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Romanovs who won't lie down

A RUSSIAN princess and her son who claim to be direct descendants of the last Tsar of Russia are disputing the findings of recent Home Office forensic tests which conclude that the bones found in a pit at Ekaterinberg in the Urals two years ago are those of Tsar Nicholas II, Tsarina Alexandra and three of their daughters - shot and bayoneted to death by the Bolsheviks in July 1918.

Three days after the 75th anniversary of the massacre of the Russian imperial family, an official statement issued in Madrid by the royal household of Prince Alexis d'Anjou de Bourbon-Conde Romanov-Dolgoruky and his mother, Princess Olga-Beata, contends that documentary evidence of a meeting between Pius XII - the Pope from 1939-58 - and two of the Tsar's daughters, long after their supposed murder, proves that the empress and all four of her daughters - Tatiana, Olga, Marie and Anastasia - survived.

Prince Alexis and Princess Olga-Beata claim to be the grandson and daughter of Grand Duchess Marie, the Tsar's third daughter, who most authorities believe died in Ekaterinberg. Now they have agreed to subject themselves to DNA tests later this year to prove that they are indeed direct descendants of the Tsar.

They have also written to our own Queen and Duke of Edinburgh, a direct maternal descendant of the Tsarina's sister, asking them not to attend any reinterment ceremony for the Romanov remains. At one stage the British embassy in Moscow considered that the occasion would be an auspicious opportunity for the Queen to visit Russia. Having seen the number of cranks, pretenders and eccentric monarchists who have climbed on the Romanov bandwagon, however, the embassy has now gone distinctly cool on the idea.

A DEGREE of relief was felt by onlookers as Norma Major unveiled the first sculpture of her husband in a St James's gallery yesterday. 'At least it isn't grey,' one was heard to remark, while the unveiler herself seemed less than enthusiastic. 'I prefer the performing arts,' she confided, back towards the model. 'I don't have to look at it all the time you know - after all I've got the real thing.'

Fido to the rescue

TOMORROW the Opposition Citizen's Charter spokesperson, Mo Mowlem MP, is visiting Lewisham in south London to help the borough council celebrate the high quality of its services to residents. Among the delights awaiting her is a chance to inspect the dog do-do disposal service. In May Lewisham set up Fido (Faeces Intake Disposal Operation), which involves an operative trundling a small, four-wheel vacuum cleaner around the borough's streets and parks, sucking up offending waste.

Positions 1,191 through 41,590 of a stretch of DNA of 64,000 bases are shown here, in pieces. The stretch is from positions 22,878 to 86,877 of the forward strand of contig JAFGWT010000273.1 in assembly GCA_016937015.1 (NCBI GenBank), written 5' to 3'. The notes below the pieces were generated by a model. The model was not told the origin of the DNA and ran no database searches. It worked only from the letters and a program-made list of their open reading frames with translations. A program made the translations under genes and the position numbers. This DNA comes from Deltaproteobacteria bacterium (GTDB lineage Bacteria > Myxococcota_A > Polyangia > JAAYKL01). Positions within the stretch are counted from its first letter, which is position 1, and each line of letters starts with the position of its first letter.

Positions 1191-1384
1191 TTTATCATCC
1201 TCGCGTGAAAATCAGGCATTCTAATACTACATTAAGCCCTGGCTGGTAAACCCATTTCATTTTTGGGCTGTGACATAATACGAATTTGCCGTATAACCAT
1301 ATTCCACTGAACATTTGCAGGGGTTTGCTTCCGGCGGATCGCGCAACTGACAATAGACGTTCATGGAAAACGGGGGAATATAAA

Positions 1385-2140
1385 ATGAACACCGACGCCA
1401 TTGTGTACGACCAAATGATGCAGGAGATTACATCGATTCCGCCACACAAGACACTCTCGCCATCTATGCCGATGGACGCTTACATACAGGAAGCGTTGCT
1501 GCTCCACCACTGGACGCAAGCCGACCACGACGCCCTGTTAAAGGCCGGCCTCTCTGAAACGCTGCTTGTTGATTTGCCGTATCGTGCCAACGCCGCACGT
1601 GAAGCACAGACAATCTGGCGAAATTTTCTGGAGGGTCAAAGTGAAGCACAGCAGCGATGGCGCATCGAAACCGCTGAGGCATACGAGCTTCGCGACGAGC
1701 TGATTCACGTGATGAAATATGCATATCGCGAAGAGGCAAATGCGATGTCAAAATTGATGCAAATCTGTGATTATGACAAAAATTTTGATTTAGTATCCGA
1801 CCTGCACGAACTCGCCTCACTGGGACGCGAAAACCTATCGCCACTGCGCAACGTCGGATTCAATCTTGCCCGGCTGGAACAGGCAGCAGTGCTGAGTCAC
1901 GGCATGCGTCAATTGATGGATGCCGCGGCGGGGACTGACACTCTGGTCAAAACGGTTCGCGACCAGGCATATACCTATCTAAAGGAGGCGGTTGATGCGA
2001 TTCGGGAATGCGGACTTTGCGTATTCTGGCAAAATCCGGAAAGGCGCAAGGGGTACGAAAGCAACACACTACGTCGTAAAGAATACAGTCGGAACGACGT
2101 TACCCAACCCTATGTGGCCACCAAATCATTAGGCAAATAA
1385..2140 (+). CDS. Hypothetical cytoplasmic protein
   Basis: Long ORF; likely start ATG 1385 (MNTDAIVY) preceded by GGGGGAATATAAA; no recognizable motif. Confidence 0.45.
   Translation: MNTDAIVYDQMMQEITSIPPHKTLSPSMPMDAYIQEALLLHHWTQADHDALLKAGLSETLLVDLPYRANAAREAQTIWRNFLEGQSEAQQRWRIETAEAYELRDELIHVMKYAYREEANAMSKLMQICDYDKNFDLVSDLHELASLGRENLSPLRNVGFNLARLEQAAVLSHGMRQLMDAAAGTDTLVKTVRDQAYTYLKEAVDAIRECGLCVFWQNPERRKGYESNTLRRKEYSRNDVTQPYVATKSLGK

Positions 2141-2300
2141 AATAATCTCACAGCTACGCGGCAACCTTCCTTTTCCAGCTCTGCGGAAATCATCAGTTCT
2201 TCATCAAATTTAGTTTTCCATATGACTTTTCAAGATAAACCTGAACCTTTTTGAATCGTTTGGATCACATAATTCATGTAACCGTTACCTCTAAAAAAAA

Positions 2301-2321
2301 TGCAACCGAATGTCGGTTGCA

The council is especially proud of Fido's instant poop-alert service. Residents stumbling across particularly tricky dirty-pavement problems are guaranteed that a Faeces Intake Disposal Operative will be round to clear up the mess within an hour of a complaint being made. A council spokesman said yesterday that Lewisham had not failed the 'one-hour challenge' yet.

'I COME from Des Moines. Somebody had to,' are the memorable opening lines of The Lost Continent, Bill Bryson's 1989 travelogue in which the obscure Iowa city, now awash with floodwater, was infamously described as the dullest place on earth. In the last few weeks, of course, Des Moines has come to international prominence but Bryson, there covering the story for a magazine, is certain he won't have to write a retraction. 'The city is on the map for the moment,' he agrees, 'but you can be sure that it will fade back into its customary obscurity - probably by this afternoon.'

IN THIS month's edition of House & Garden readers are given an illustrated tour of the anything but quiet interior of the Pimlico home shared by Dominic Lawson and his wife Rosa Monckton. Copies of the Spectator and a Tiffany's brochure are displayed unashamedly on either side of the bed. Lawson's literary tastes are, moreover, revealed to be distinctly monotonous. The book in the drawing room also appears beside his bed - T E Lawrence's The Seven Pillars of Wisdom.


21 July 1916 Raymond Asquith writes to Lady Diana Manners from France: 'Except for the banal booming and flashing of the guns one might be at one of those old-fashioned balls in Arthur Grenfell's garden at Roehampton - the same tiresome noise of electricity being generated in the too-near foreground, the same scraggy oaks, the same scramble for sandwiches, the same crowd, the same band playing the same tunes, the same moon in the same sky. John Ponsonby and the Prince of Wales (your 'future'?) dined with us tonight, and in order to get our last gulp of gaiety before resuming trench warfare tomorrow, we improvised a ball in camp with lights under the trees and open air supper and bagpipes, and all the hackneyed horrors that go with gaiety. But much as I love these men, yet I love women so much more (and especially you) and music and dancing so much less and I have been to so many balls and so many trenches that it is a comfort to turn into the first open hut and write to you.'